In what can be called a major setback for the healthcare system, the first man from the US who was given a genetically modified pig heart during transplantation died within two months post-surgery. The 57-year-old, David Bennett Sr. began to experience a bad health condition, and he had been bedridden for six weeks and was hooked up to a machine that kept him alive. Now, the question that arises is whether the success of animal-to-human transplantation is unlikely in the near future. According to the experts, it is not impossible, but can be expected only after the next 30-40 years.
Xenotransplantations - Where It All Began
Any kind of transplantation which involves both human and a non-human source is known as xenotransplantation. This process dates back to the 17th century when it was first introduced. In medical words, xenotransplantation is any procedure that involves the transplantation, implantation any kind of infusion into a human recipient with the organs from a nonhuman animal source.
Speaking to IANS, Dr. Sudhindran S., Professor, Dept. of Gastrointestinal Surgery, at Amrita Hospital, Kochi said that, nobody has, so far, made any lasting progress in animal-to-human transplant. "We are unlikely to see a major breakthrough in the next 30-40 years because the process involves a situation where an animal organ becomes acceptable to the human body. To overcome the rejection process, it requires a multitude of steps that are intricately complex and definitely not going to be easy for long-term success," he said.
However, Dr. Udgeath Dhir, Director, and Head, CTVS, Fortis Hospital, Gurugram disagreed with this and said that xenotransplantation may be a success as animal organs would be made more compatible with the human body. Speaking to the media about the same, he said, "In the near future, we are damn confident that we will be able to go for xenotransplantation where we are going to modify the immune system or rather balance the immune system in such a way that the body accepts these organs as a part and doesn't reject it." He further noted that this field has a lot coming in the future, and more diversities can be expected. He also said that with the development of several new technologies, experts can now modify the DNA, which is one of the most important parts of the human body.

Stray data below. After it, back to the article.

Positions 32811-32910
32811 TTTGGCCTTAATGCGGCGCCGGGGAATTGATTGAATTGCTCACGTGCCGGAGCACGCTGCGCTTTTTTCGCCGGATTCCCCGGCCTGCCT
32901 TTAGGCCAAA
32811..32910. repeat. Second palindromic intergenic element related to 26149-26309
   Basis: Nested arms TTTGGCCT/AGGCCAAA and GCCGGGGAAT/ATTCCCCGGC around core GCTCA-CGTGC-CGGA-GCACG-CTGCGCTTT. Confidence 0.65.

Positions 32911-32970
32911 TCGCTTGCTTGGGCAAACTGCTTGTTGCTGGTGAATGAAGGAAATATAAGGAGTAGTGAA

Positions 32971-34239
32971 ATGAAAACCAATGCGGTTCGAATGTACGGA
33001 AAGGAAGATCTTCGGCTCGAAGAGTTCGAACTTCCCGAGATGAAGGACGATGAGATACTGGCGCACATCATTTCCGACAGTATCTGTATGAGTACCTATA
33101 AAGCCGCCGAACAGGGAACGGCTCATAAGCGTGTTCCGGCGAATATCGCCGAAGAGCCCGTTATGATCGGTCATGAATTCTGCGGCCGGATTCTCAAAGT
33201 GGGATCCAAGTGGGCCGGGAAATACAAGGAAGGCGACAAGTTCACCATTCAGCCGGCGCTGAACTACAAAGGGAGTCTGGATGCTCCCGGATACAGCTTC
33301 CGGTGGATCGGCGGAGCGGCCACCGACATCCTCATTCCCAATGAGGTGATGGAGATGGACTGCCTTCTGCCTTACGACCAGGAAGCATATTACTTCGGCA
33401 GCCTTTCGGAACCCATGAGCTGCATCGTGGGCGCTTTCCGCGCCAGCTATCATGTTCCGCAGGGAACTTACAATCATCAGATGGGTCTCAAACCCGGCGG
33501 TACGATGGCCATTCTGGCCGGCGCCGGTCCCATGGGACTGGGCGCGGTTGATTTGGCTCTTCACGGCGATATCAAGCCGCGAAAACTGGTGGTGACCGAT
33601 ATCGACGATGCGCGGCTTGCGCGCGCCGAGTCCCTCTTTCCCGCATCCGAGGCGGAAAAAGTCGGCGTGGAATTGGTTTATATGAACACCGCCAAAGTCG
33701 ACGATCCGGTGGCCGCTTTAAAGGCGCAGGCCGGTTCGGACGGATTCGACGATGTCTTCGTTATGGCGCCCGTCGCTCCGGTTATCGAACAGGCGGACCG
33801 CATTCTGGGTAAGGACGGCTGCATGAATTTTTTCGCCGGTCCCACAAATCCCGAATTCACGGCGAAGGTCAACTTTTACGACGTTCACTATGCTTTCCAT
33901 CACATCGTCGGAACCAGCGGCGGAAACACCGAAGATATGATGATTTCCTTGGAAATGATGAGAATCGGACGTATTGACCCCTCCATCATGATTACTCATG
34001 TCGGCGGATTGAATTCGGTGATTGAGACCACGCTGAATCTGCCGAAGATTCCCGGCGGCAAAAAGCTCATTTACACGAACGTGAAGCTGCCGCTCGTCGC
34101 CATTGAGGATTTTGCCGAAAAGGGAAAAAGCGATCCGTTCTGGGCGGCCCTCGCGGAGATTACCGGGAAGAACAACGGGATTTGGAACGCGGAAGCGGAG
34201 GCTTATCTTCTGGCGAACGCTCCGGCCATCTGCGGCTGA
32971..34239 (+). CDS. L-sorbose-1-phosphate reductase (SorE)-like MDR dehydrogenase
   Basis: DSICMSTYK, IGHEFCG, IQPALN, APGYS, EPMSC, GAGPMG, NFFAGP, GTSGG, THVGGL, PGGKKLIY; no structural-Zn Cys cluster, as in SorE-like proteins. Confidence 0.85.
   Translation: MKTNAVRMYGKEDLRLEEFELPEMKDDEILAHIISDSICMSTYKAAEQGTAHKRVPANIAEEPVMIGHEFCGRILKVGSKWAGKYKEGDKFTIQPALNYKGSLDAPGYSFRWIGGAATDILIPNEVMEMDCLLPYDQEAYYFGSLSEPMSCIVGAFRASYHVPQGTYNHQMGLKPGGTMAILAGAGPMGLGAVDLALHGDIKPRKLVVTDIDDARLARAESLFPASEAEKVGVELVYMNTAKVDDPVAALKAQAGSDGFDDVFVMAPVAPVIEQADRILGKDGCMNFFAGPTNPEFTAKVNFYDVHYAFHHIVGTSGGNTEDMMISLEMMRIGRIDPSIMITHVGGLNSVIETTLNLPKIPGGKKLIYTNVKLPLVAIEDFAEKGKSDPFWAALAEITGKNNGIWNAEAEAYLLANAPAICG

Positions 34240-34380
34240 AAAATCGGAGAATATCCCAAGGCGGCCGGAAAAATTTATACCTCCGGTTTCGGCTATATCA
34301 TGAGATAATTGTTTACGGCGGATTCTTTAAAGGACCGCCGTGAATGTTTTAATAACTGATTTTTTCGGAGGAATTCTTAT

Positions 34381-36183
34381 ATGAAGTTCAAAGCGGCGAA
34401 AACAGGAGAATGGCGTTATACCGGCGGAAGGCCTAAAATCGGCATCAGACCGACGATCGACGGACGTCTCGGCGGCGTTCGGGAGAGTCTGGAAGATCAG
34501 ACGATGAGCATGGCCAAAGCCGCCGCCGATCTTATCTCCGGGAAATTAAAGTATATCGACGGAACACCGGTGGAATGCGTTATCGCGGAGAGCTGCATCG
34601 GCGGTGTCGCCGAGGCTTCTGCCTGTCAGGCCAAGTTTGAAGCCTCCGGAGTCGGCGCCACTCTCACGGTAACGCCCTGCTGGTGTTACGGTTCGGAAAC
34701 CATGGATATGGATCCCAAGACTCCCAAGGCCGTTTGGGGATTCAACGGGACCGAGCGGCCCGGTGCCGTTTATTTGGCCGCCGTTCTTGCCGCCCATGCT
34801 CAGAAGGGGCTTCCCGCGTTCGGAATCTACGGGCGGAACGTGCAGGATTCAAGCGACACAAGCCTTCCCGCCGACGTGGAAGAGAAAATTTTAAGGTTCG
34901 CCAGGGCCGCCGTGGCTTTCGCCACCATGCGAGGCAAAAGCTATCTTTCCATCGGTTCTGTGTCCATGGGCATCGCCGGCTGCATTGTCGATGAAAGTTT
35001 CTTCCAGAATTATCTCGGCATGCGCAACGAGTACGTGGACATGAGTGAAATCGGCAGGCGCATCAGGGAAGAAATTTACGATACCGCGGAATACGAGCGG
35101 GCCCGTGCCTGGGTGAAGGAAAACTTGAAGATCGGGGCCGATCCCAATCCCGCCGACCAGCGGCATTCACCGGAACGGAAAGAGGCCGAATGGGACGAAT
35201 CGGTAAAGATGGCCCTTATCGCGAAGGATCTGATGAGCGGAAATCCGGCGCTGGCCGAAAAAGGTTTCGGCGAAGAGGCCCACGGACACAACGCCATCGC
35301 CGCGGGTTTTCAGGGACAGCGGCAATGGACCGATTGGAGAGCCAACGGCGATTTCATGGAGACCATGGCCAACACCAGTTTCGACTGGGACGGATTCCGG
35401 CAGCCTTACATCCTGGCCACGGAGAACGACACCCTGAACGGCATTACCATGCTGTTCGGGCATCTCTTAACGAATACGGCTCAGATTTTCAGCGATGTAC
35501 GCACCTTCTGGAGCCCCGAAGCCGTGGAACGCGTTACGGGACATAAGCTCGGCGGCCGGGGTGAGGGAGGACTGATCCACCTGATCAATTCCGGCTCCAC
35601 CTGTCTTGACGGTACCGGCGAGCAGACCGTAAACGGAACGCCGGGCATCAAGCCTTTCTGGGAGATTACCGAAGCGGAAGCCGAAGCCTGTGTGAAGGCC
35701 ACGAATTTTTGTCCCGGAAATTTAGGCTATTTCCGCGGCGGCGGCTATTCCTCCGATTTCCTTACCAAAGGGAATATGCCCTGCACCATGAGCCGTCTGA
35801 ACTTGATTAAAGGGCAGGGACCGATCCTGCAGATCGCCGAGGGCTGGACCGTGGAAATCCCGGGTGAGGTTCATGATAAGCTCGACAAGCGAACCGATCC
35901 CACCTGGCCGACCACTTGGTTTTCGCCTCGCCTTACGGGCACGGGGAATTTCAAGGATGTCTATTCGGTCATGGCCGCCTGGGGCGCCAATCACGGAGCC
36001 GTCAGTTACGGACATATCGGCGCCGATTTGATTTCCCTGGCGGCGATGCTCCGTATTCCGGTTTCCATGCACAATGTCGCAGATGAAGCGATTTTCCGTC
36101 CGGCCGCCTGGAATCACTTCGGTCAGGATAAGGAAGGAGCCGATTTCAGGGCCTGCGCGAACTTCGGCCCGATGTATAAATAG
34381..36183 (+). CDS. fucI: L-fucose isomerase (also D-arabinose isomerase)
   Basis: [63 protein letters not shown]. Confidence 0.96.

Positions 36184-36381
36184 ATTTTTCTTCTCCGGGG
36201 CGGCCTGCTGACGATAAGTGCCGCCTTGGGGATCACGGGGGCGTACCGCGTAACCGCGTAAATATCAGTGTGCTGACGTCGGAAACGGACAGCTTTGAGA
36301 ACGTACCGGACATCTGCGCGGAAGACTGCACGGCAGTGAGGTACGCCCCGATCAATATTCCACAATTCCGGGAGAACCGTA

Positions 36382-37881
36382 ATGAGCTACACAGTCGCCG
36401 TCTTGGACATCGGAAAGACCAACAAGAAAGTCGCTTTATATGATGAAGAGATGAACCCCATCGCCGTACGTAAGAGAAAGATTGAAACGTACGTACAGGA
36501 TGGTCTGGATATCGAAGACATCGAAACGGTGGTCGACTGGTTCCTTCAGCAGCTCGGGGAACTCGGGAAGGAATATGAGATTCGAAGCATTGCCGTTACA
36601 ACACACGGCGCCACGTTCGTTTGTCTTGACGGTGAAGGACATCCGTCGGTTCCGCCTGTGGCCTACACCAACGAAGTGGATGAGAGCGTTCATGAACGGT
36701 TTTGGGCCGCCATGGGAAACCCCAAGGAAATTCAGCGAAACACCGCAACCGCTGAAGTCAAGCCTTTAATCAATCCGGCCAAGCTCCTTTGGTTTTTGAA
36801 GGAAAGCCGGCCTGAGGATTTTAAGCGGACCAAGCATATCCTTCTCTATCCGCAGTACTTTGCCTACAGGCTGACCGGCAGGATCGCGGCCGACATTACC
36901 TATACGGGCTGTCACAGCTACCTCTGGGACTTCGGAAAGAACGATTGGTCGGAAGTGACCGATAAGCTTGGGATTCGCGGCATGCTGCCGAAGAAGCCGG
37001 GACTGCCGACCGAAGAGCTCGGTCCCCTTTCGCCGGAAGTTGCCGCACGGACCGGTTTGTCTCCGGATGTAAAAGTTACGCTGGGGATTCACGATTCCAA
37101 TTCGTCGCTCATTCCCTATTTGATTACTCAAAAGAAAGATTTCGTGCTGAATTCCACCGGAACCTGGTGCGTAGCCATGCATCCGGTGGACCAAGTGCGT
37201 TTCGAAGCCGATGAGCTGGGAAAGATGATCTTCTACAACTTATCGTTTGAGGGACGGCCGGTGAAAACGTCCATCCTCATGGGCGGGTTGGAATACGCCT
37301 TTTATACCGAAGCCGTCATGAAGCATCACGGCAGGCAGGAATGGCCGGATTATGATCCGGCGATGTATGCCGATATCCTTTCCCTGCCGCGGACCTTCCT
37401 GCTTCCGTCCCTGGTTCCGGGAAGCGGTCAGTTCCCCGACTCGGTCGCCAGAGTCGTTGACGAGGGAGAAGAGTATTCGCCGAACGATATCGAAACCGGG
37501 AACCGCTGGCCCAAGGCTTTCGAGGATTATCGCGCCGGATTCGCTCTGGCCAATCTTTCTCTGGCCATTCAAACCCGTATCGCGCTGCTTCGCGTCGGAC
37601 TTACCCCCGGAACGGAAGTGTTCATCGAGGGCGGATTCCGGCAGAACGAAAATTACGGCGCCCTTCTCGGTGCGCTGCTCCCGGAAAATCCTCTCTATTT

US Man Given Modifically Pig Heart
In a rare medical case, doctors in the US, earlier this year had transplanted a genetically modified pig heart to a 57-year-old man, named David Benett. The patient was suffering from a rare terminal disease that was linked to a heart disorder. However, following the surgery, the man was doing well and his heart was also functional normal. According to the reports, this continued for over months, with absolutely no signs of rejection. But, this didn't continue for a longer period and the man, after two months, started complaining about the loss of strength and other health issues. The man started experiencing health issues and later he died.
Was this due to the modifically pig heart transplantation? experts have stated that so far, there is no confirmation about this. According to some of the researchers involved in xenotransplantation procedures, successful transplantation never means that it is going to remain the same for a long-term period. According to the them, the main challenge in the process has been the immunological barriers that lead to the rejection of pig organs by the human immune system.
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In another incident, researchers had transplanted pig kidneys into a brain-dead human, which was not rejected and also produced urine. A similar one was also performed by the doctors at NYU Langone Health, New York, the same year.
But Why Only Were Pig Organs Picked For The Process?
Talking about why only pigs are chosen for organ transplantations, experts say that the pig model is more preferred because of physiological similarities to humans. There is also a very limited risk of infection associated with pigs to human organ transplantation as compared to other non-human primates. Doctors also say that the genetic sequencing of pigs and humans matches very well, as compared to other non-human primates.